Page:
information to students and parents. She recently Tweeted some current information on vaping,
and her superintendent picked it up and put it on the school’s website. She finds Twitter a great
venue to communicate valid evidence based practice to her school community. She will also
advocate for her school nurses on Twitter, as well as use it for positive reinforcement for her
students, such as a shout out to the football team for a game well played. There is a lot of
negativity associated with social media, so Eileen tries to countermand that with positive
messages for staff, students and the community at large.
Twitter has added to Eileen’s professional engagement and she adjusts her usage as the media changes. She sees it as the start of a collegial conversation with those she might never meet in person. It advertises her professional abilities and passions, and she has gotten several offers
to present via her contacts on Twitter. These are but a few ways Eileen’s nursing practice has
changed and grown because of her use of social media. She is a phenomenal and
accomplished nurse and I am glad to have met her via Twitter. I know as the years go on, we
will be Tweeting again.
Bio: Eileen Gavin, MSN, FNP-BC, NCSN is a nationally certified school nurse and lead nurse in the Middletown Township School District of Monmouth County, New Jersey. Her educational back- ground includes a Bachelors of Nursing (BSN), a Masters of School Nursing (MSN), and a Post-Masters Certificate in Advance Practice from Monmouth University, West Long Branch, New Jersey. She is nationally board certification through the American Nurses Credentialing Center (ANCC) as a Family Nurse Practitioner and the National Board for Certification of School Nurses. In 2013, Eileen became an alumnus of the Johnson & Johnson School Health Leadership Institute and has served as a mentor /liaison and community coach with the program. Eileen’s clinical experience includes family prac- tice, urgent care, preventive medicine, disease management, emergency medicine and pediatric primary care. Eileen’s interests include health promotion and policies, emergency medicine, pediatric health care across the lifespan, and addressing healthcare disparities. Most recently, Eileen’s professional focuses have been the increasing opioid epidemic in New Jersey’s communities by serving as an active member of the New Jersey Department of Education’s Opioid Task Force Committee and decreasing the stigma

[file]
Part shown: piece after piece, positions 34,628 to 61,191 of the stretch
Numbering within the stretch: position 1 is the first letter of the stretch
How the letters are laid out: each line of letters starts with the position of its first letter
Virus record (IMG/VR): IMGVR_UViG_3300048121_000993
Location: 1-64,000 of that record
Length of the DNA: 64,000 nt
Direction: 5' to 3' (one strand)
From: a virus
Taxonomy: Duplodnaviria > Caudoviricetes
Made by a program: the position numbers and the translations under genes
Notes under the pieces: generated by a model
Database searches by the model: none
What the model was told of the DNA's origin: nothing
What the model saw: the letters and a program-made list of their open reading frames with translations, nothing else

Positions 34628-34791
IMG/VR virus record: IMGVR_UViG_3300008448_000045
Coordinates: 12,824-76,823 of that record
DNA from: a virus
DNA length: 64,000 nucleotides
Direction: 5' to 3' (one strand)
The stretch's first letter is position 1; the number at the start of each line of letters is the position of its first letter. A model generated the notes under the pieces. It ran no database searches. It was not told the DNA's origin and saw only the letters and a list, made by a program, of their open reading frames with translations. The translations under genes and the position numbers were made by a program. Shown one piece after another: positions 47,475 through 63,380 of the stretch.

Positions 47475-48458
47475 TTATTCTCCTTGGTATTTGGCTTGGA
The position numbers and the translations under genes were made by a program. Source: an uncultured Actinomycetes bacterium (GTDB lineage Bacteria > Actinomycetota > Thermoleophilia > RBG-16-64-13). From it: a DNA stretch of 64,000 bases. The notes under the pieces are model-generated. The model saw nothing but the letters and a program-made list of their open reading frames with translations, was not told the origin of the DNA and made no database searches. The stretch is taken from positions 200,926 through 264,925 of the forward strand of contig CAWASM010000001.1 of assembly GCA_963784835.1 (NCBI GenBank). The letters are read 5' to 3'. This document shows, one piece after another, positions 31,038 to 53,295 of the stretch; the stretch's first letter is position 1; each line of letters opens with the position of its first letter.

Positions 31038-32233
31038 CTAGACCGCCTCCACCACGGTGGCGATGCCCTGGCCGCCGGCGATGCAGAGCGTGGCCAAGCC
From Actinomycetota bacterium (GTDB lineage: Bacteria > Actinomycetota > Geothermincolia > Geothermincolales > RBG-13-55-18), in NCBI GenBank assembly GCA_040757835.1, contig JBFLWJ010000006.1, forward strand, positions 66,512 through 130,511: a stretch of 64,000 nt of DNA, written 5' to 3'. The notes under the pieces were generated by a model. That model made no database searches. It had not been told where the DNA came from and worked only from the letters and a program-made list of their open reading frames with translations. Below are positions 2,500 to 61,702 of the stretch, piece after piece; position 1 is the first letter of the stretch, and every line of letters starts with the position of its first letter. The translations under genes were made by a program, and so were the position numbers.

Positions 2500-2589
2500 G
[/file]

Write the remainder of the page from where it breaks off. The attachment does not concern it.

surrounding mental illness as a Mental Health First Aid Instructor. Recently she has been
appointed as Co-Chair of the Legislative committee of the New Jersey State School Nurses
Association executive board and serves as a member of the Brain Alliance of New Jersey’s
Concussion in Youth Sports Steering Committee. Eileen has been recognized as an
accomplished mentor and educator through multiple awards on the local and state level.
Bio: Victoria L. Crews, BSN, RN has been a nurse for 36 years, she received her BSN from Trenton State College. Currently she is working in the Voorhees Township School District in the school nurses’ offices providing care coordination and health education for grades K through 8. She is currently working on her MSN in School Nursing at Rutgers University in Camden. Prior to that Crews worked in the offices of Hope Church providing office administration, database collection and coordination, and was a liaison to the public. She also functioned as a nurse consultant for the preschool. Crews is proud to be certified by the American Red Cross as a CPR and First Aid Instructor. She is also certified in Mental Health First Aid. Crews started her career at the Hospital of the University of Pennsylvania. Her experience is in surgical stepdown and PACU.
Crews is also a member of Sigma Theta Tau International, Delta Nu Chapter.